Jackie Chan just won't sit down. The popular Hong Kong actor is lining up to star in not one, not two, but four feature films. First up is Highbinders, a Hong Kong movie about an immigration officer who's killed on the job but returns from the dead with superpowers--with some high-kickin' super-moves to be sure. Next is The Art of War, based on the Chinese philosopher Sun Tzu's treatise, where you keep your friends close and your enemies even closer--with some high-kickin' super-moves added in. The budget is around $38.5 million, making it one of the most expensive movies made in Hong Kong. The film is looking to start production in 2003.
Then there's Chan's film Nosebleed, which MGM just bought from New Line, after it shelved the project in 1999. The story revolves around a window washer working at the World Trade Center who teams with a waitress at the Center's restaurant to stop another possible terrorist attack-during which Chan will use his high-kickin' super-moves. And last, but not necessarily least, Chan has agreed to make a sequel to last year's surprise hit Shanghai Noon with costar Owen Wilson. The wacky pair will travel to London to uncover a worldwide conspiracy to overthrow the British and Chinese empires. Rush Hour 2 is coming out this summer with costar Chris Tucker. Whew! Good luck, Jackie.
And following Chan's footsteps …
Just like Jackie Chan, Ben Affleck is loading himself up with film projects. His films, however, will most likely lack high-kickin' super-moves. He is in talks to star in Surviving Christmas, about a man who must overcome his depression on being alone on Christmas by visiting his childhood home and forcing the people who live there to take him in. This comes on the heels of his involvement in director Martin Brest's Gigli and his turn as CIA analyst Jack Ryan (played previously by Alec Baldwin and Harrison Ford) in The Sum of All Fears. Of course, we can currently see the hunky Affleck shooting down Japanese war planes in the soppy World War II epic Pearl Harbor.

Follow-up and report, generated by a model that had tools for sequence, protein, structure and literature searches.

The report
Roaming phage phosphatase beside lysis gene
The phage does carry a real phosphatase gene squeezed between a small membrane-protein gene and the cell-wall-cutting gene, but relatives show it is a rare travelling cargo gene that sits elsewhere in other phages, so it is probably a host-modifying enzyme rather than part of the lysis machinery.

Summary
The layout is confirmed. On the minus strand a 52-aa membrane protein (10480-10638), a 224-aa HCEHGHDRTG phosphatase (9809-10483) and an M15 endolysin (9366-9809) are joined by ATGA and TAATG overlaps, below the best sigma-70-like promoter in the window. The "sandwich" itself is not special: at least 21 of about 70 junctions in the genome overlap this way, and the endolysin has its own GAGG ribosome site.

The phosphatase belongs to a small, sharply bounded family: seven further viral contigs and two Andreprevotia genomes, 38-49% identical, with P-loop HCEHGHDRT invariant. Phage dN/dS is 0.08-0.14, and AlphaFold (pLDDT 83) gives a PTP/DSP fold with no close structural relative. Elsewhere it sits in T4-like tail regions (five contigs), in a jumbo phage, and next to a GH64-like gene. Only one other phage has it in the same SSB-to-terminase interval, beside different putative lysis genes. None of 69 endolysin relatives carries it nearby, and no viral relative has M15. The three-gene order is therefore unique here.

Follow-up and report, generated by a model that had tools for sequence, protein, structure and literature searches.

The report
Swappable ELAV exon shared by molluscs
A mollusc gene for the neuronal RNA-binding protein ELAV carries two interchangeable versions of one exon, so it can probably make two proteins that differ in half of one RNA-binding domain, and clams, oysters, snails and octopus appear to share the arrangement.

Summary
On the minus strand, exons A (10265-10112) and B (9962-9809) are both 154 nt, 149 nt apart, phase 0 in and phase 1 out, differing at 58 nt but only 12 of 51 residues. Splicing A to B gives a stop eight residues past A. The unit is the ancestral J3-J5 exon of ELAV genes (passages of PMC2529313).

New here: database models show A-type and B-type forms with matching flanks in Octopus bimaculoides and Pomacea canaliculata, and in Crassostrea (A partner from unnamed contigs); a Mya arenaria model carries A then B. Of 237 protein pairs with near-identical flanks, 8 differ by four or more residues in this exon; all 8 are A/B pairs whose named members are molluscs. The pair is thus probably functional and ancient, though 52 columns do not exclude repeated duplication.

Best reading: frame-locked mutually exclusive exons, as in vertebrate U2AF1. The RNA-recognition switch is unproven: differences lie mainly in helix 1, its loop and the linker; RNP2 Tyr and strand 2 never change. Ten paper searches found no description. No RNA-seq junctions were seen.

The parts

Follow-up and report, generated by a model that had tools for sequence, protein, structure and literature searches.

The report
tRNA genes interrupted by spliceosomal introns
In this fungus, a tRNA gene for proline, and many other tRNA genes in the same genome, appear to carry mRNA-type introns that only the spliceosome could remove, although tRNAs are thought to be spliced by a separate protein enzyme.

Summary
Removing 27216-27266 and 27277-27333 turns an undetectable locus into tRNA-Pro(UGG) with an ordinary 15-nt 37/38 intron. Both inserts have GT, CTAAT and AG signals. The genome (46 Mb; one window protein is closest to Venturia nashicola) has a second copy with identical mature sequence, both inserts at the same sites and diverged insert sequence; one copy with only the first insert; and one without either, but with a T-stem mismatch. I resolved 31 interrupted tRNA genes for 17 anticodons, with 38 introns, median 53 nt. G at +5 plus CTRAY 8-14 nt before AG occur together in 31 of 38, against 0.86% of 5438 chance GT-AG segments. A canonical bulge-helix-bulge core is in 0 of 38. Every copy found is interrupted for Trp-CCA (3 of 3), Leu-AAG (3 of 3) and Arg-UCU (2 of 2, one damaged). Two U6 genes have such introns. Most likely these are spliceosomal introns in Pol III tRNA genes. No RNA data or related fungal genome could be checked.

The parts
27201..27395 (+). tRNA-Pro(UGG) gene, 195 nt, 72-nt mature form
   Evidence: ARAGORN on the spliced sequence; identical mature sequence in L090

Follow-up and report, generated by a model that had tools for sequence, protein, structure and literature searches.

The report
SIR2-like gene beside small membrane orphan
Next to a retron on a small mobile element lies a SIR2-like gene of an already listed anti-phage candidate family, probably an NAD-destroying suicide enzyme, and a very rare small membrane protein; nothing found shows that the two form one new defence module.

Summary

Listen to the premise of this new movie. A local British man becomes a pop sensation on Liverpool's Cantonese karaoke circuit--Cantonese?--and even though he is white, he immerses himself in the Chinese history and culture, learning the language and taking the Cantonese pop scene by storm. Here's the catch--it's based on the true story of 22-year-old Barry Cox and producer Lawrence Bender and singer-songwriter, Peter Gabriel are going to make the film for Miramax. They are calling it a cross between Saturday Night Fever and The Full Monty. Of course they are. Cox is currently readying a trip to Hong Kong to meet with film and record companies to fulfill his dream on becoming a Chinese pop star. Think it'll happen for him?
Hopper's got a "Night Job"
Actor and Dennis Hopper is set to direct and star in The Night Job, a drama about an ex-con lured back into the underworld by a crooked cop trying to nab a mobster's global art smuggling ring. Hopper will play the cop; Val Kilmer is in negotiations to play the colorful mobster. Hmmm, Kilmer and Hopper together in a film? Certainly, they are two of the more eclectic actors out there, to say the least. This one sounds promising, especially since Hopper only directs interesting films such as Easy Rider and Colors.